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The future of the Chargers’ offensive line

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Do the San Diego Chargers have the ability to improve their offensive line this offseason? Not so fast, my friends!

NFL: Jacksonville Jaguars at San Diego Chargers Orlando Ramirez-USA TODAY Sports

As I said in a podcast earlier this morning, the San Diego Chargers offensive line stinks. It’s not good!

The really bad thing about the situation is that, outside of one player (who we’ll get to in a moment), each of them is vastly overpaid with price tags that are going up.

Let’s do this on a case-by-case basis:

King Dunlap

Pro Football Focus Ranking: 49th
2016 cap hit: $5,143,750
2017 cap hit: $8,375,000
Total contract value: 4 years / $28,000,000 (signed in 2015)

This is a bad time to be King Dunlap and a worse time to be his employer. The first two years of his deal were relative steals, but now is when the raise kicks in. His salary and bonuses are jumping more than 50% and it goes up even more in 2018.

What would it cost to cut him?

It would cost the Chargers $3,250,000 to cut Dunlap before June 1st, 2017. It would “save” them $5,125,000, but then you have to go try and find a starting Left Tackle to replace Dunlap for that money....or you risk cutting into your 2017 cap even more than if you had kept Dunlap.

Orlando Franklin

Pro Football Focus Ranking: 72nd
2016 cap hit: $7,200,000
2017 cap hit: $7,600,000
Total contract value: 5 years / $36,500,000 (signed in 2015)

Franklin almost appeared to be worth this contract when he signed it, but the Denver Broncos were on to something when they moved him from Tackle to Guard before letting him walk in free agency.

What would it cost to cut him?

It would cost the Chargers $4,800,000 to cut Franklin before June 1st, 2017. It would “save” them $2,800,000, which means you’re either cutting into the 2017 cap to find a guard or you’re really happy with the idea of Donovan Clark as the starting Left Guard.

Matt Slauson

Pro Football Focus Ranking: 20th
2016 cap hit: $1,200,000
2017 cap hit: $1,800,000
Total contract value: 2 years / $3,000,000 (signed in 2016)

If I were Matt Slauson or his agent, I’d be going mental over this contract. Without a doubt, Slauson has been the best offensive lineman on San Diego this season and the amount of money he made this season and is set to make next year is laughable compared to the guys he’s playing with.

What would it cost to cut him?

Don’t cut Matt Slauson!

D.J. Fluker

Pro Football Focus Ranking: 63rd
2016 cap hit: $3,628,067
2017 cap hit: $8,821,000
Total contract value: 4 years / $11,402,498

Fluker’s contract comes with a team option for 2017, which would be that $8.8M number. Seeing as how Fluker has not been very good, I can’t imagine the team would be picking up that option.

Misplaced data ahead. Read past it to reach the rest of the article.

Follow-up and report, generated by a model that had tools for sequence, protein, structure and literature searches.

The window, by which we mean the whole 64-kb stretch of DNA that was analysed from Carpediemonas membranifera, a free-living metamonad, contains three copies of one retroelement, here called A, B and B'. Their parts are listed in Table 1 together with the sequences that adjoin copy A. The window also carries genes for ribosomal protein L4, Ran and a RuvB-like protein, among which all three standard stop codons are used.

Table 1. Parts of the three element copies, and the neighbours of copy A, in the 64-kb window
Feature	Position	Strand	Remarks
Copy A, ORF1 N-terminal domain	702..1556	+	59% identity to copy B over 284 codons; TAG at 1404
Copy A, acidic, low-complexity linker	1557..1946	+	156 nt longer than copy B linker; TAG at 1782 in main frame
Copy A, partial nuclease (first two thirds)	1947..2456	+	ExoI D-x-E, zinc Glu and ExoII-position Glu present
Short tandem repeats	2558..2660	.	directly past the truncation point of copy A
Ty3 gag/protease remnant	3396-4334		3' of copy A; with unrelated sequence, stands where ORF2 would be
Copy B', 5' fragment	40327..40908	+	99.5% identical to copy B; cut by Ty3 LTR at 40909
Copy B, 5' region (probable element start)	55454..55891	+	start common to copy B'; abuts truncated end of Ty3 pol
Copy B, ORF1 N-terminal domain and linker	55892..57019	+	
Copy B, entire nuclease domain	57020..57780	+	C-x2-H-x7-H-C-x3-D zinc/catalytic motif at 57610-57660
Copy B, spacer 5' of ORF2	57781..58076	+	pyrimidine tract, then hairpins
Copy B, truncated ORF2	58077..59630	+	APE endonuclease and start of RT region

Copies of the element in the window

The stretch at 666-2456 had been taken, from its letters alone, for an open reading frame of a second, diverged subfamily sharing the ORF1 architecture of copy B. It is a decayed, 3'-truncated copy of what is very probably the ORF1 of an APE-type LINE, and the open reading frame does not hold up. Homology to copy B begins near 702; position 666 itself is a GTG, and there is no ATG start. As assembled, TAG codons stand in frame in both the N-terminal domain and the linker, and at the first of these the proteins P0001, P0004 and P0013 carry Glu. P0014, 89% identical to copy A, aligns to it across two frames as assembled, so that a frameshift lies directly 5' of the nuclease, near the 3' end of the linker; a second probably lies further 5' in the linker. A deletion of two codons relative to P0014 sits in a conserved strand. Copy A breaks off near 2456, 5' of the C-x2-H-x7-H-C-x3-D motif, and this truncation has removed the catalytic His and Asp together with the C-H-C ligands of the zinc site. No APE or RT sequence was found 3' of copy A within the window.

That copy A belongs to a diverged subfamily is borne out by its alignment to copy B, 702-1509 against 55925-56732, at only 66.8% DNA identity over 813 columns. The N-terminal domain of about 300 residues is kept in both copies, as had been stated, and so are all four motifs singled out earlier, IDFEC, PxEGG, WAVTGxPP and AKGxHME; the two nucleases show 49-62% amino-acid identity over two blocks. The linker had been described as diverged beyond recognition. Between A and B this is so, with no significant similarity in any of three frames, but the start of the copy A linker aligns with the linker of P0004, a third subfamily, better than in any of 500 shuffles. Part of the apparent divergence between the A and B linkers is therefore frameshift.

What would it cost to cut him?

Absolutely nothing. Zero. Zilch. It’s $8,821,000 in pure savings, in terms of both cash and cap.

If D.J. Fluker is still wearing a Chargers uniform in 2017, and I don’t believe he will be, expect it to be on some sort of contract extension that pays him a lot less than $8 million per year.

Joe Barksdale

Pro Football Focus Ranking: 62nd
2016 cap hit: $4,550,000
2017 cap hit: $5,550,000
Total contract value: 4 years / $22,200,000

One year into this contract is too soon to start thinking about ripping it up. If Barksdale can discover the same talent that was on display with the 2015 Chargers, this contract becomes a steal. That being said, there’s a reason they were able to sign him for this amount....

What would it cost to cut him?

Too much, and what I mean by that is the team would already be in negative in terms of cap space if they got rid of Barksdale before June 1st, 2017.

It would cost them $6,000,000 to cut him now against his potential cap hit of $5,550,000. That means, even if you want to go sign or draft Barksdale’s replacement, he’s of more use to you on the bench than he is on the street.


Summary

That was fun, wasn’t it? Do we feel better or worse about the offensive line in 2017?

Well, Fluker and his $8.8M can go and clear the way for something a little better. Although, I’d be surprised if some of that money doesn’t end up in Slauson’s pocket.

Unfortunately, I think the team is stuck contractually with Dunlap and Franklin on the left side and Barksdale at Right Tackle, which means the offensive line woes that have doomed the last few seasons probably aren’t going away in 2017, no matter how far away the Chargers move as an organization.